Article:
Sunday, 16 October 2011

Club Night Tuesday 10th Oct 'Pests and Diseases' With Amelia Williams

Its been almost a week since club night for the members of The Wessex Bonsai Society. I've been really busy this week with all sorts. Some bonsai related but mostly not. So busy in fact, I had a customer offer to allow me to go around and collect a rather old, thick and interesting trunked Pyracantha they were removing from the bed in front of there bed room window. Unfortunately they were not wiling to wait a week until my work load had eased enough for me to take half hour out. They dug it up and the council dump got it instead. You can't win them all.

I must apologize for not having any photos. I forgot to take the wife's camera.

If I'm completely honest when I saw on the back of my membership card that Tuesday would be a talk on pest of diseases I thought to my self that I should fill my tank with plenty of coffee as it could be one of those head bobbing nights were the fatigue of a hard days work and mind numbingly monotonous voice using long Latin words that I don't understand and there for lose the gist of what they are saying along with the will to live could only result in me snoring my head off in the back row.

I am please to announce my fears were completely unfounded. But I did drink four cups of double spoon coffee before the guest speaker arrived as a precautionary measure. Something that I was to find out was the theme of the evening. Precaution that is, not coffee.

The evenings speaker had travailed over to us from Tidworth. An Arboricultural Consultant (Tress expert) named Amelia Williams who has many years experiences and an abserloute abundance of knowledge where trees in there fully grown form are involved and roughly 4 years experience with bonsai trees. She had brought plenty of visual flash cards for us to thumb through while she explained how a tree defends its self by creating protective callus's around vulnerable areas such as bacterial infections and invading parasites. She had also set out a selection of small mame and shohin sized coniferous trees. They were listed from one to fifteen and we were all asked to, in the break take the opportunity to have a good close up look and try to name them all. She was a task master though as she was not just after the common names but the Latin to boot. Even some of the old school bonsai enthusiasts struggled with a few of the more obscure among them. I'll be honest I couldn't even get half of them with the common names. Never mind the Latin.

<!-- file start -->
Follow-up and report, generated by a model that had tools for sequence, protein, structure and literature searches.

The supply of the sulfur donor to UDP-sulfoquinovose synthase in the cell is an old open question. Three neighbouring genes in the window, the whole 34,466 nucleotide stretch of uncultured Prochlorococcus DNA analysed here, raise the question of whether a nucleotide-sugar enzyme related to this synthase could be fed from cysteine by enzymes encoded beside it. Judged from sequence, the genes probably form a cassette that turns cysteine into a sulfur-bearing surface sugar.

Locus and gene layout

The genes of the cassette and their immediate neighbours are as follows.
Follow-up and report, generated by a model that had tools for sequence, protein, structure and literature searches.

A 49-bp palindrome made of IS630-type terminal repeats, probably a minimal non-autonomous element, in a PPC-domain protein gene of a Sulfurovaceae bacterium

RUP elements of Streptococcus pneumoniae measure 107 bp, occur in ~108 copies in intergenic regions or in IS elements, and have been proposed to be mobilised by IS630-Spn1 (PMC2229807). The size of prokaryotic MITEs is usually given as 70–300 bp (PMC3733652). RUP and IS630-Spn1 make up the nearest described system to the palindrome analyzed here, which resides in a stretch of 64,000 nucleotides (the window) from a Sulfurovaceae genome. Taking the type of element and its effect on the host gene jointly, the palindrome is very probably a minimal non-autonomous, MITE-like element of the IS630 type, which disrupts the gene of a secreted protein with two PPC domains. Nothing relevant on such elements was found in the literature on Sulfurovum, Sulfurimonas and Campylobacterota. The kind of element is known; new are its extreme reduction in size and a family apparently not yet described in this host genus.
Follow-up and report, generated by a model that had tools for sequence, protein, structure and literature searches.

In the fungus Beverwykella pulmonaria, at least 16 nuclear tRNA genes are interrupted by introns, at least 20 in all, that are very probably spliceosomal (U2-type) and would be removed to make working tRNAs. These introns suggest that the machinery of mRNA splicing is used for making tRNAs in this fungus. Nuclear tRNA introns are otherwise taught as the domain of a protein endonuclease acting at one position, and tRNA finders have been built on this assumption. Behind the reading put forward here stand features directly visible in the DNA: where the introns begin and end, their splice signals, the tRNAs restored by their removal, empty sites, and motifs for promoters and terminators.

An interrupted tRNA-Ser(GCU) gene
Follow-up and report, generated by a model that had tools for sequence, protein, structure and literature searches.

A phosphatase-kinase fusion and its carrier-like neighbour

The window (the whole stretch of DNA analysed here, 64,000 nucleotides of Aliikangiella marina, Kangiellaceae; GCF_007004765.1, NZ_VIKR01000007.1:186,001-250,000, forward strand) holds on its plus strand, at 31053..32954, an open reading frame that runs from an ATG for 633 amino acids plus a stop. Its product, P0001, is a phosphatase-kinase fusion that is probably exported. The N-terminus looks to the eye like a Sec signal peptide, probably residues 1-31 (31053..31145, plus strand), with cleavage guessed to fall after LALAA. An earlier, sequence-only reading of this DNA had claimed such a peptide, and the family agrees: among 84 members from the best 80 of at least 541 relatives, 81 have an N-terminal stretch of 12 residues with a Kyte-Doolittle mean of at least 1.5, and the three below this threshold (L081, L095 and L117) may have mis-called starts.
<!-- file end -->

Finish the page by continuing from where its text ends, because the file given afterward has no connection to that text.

The main advise given regarding pests was protection is by far the best form of defense. With bonsai as apposed to large full sized trees we are at an advantage that we get in close regular and can normally see any little beastys before to much damage can be caused. She also said if you feel your soil is not up to task regardless of the season unless it is the depths of winter you should re pot. She explained that if you are careful not to remove many roots and improve the soil then the tree may not be in as good a condition as it could be but at east it will stand half a chance. A few eyebrows were raised at this but there were also a few nodding heads so I guess the jury is out on that one.

I found the whole evening very useful and now feel I know so much more about trees and the way they heal and also how easy they can come under attack. I must say the time we spent with Amelia was no way near enough and we all agreed that it would be great for her to give another talk on the life of a tree and the way it works in general from photosynthesis to feeding.

I can now look forward to Workshop on Sunday the 23rd. Malcolm the chairman said we should be looking at removing wire from trees that have been wired for a while and maybe wiring pines. But on a whole putting our trees to bed for the winter.

As always any comments please feel free.



  1. Great report!
    Isn't it amazing what you have to learn to keep bonsai. ;D

  2. Oh tell me about it. I wish I had wrote the report straight away while it was all fresh in my head. I can remember most of what was disscussed but not the terminological hence the rather vivid report. The whole session has encouraged me on to make an effort to learn more about how a tree works and lives. Thanks for the comment Mike.